Richard Fowler will be appearing at the Supreme Court on Tuesday (8 November 2022) in the appeal of Blacks Outdoor Retail Limited -v- Sara & Hossein Asset Holdings Limited. Richard is acting for the Respondent Sara & Hossein Asset Holdings Limited and is instructed by Pinsent Masons.
The case concerns the construction of service charge provisions in two commercial leases, but has potentially wide commercial implications.
S&H was landlord and Blacks was tenant of commercial retail premises under two successive leases. In relation to service charge, the leases permitted the landlord to serve a certificate on the tenant each year of “the amount of the total cost and the sum payable by the Tenant and in the absence of manifest or mathematical error or fraud such certificate shall be conclusive” (“the Certification Provision”).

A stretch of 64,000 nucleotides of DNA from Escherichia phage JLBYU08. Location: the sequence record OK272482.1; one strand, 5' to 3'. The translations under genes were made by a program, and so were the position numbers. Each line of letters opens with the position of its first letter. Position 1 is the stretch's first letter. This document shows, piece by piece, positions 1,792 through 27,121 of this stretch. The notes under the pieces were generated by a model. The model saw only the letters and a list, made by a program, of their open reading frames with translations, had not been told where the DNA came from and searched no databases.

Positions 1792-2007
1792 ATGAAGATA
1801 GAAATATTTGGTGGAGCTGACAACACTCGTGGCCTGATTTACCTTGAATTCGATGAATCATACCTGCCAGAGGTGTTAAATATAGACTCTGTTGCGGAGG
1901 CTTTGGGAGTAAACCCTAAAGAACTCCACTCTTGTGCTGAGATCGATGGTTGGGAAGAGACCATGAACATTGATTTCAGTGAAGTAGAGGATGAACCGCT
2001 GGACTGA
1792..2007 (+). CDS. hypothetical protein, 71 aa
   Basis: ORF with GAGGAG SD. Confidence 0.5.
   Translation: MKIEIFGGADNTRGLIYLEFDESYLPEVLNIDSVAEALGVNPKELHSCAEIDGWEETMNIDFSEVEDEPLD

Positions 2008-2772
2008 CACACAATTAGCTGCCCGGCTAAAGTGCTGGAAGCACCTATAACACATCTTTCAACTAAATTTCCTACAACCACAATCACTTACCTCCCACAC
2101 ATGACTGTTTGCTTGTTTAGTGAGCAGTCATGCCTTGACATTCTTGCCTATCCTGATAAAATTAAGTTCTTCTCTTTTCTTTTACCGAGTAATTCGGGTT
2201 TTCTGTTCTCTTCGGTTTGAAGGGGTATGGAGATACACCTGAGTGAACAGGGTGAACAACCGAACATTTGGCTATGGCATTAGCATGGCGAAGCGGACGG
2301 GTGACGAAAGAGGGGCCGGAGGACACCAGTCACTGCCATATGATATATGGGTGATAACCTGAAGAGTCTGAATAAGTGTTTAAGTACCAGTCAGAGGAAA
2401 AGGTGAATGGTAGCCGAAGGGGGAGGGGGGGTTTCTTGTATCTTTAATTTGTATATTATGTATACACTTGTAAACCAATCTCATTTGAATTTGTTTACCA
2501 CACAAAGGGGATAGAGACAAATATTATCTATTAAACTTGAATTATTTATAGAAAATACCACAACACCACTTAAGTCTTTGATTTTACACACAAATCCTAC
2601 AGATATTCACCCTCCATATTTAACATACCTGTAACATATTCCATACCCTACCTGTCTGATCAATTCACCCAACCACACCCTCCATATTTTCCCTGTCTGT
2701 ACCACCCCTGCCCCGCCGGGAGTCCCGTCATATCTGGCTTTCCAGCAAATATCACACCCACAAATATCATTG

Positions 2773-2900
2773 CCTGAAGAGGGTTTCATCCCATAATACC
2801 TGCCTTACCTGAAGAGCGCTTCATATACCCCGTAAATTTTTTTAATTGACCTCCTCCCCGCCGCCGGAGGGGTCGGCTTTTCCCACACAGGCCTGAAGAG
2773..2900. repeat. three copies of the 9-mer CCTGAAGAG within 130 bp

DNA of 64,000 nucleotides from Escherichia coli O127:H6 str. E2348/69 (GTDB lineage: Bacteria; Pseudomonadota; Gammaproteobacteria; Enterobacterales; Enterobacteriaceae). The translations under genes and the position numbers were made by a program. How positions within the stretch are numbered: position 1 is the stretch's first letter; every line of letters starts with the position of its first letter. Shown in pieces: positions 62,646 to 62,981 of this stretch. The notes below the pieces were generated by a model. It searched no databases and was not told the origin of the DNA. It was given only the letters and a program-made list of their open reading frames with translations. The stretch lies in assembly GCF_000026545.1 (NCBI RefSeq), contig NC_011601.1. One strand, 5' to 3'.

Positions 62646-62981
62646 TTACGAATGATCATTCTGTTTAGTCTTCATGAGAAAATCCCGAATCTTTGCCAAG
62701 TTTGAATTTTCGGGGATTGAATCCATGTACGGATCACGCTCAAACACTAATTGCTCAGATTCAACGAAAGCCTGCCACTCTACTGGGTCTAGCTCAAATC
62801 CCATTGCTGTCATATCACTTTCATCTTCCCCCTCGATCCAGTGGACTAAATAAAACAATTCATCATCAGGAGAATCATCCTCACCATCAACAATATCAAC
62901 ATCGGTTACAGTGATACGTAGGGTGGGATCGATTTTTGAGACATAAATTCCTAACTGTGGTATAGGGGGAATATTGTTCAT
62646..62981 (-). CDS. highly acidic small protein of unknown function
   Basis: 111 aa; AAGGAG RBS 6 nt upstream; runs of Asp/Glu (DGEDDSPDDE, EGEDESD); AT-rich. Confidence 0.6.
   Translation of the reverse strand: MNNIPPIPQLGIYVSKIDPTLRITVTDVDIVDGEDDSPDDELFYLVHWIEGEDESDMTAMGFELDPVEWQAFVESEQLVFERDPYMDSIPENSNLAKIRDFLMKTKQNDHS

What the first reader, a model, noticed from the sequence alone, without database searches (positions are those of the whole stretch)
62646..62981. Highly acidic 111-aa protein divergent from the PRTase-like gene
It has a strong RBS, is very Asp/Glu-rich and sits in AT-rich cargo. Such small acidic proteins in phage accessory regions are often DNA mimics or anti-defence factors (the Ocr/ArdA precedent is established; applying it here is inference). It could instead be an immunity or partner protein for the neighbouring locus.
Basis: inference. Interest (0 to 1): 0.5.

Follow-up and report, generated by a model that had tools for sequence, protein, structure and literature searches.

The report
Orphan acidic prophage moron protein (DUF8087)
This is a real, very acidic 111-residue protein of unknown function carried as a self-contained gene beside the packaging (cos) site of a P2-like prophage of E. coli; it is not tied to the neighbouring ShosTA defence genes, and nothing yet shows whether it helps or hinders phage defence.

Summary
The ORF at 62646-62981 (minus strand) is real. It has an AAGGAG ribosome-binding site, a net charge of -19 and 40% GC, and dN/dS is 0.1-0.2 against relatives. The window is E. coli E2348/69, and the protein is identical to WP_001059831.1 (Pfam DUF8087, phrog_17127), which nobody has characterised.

S&H claimed arrears of service charge and applied for summary judgment, relying on the Certification Provision. The application failed before the Deputy Master and Deputy Judge, but succeeded in the Court of Appeal. The Supreme Court will need to consider whether the fact that the landlord’s certificate is stated by the leases to be “conclusive” ousts the jurisdiction of the court to consider defences raised by the tenant, unless the tenant can advance a defence of manifest or mathematical error or fraud (which it did not in this case). The Court may also need to consider the scope of those permitted defences.
“Conclusive certification” clauses and the reservation of “manifest error” defences are very common in a range of commercial contracts. Guidance from the Supreme Court on these topics will thus have a broad resonance.
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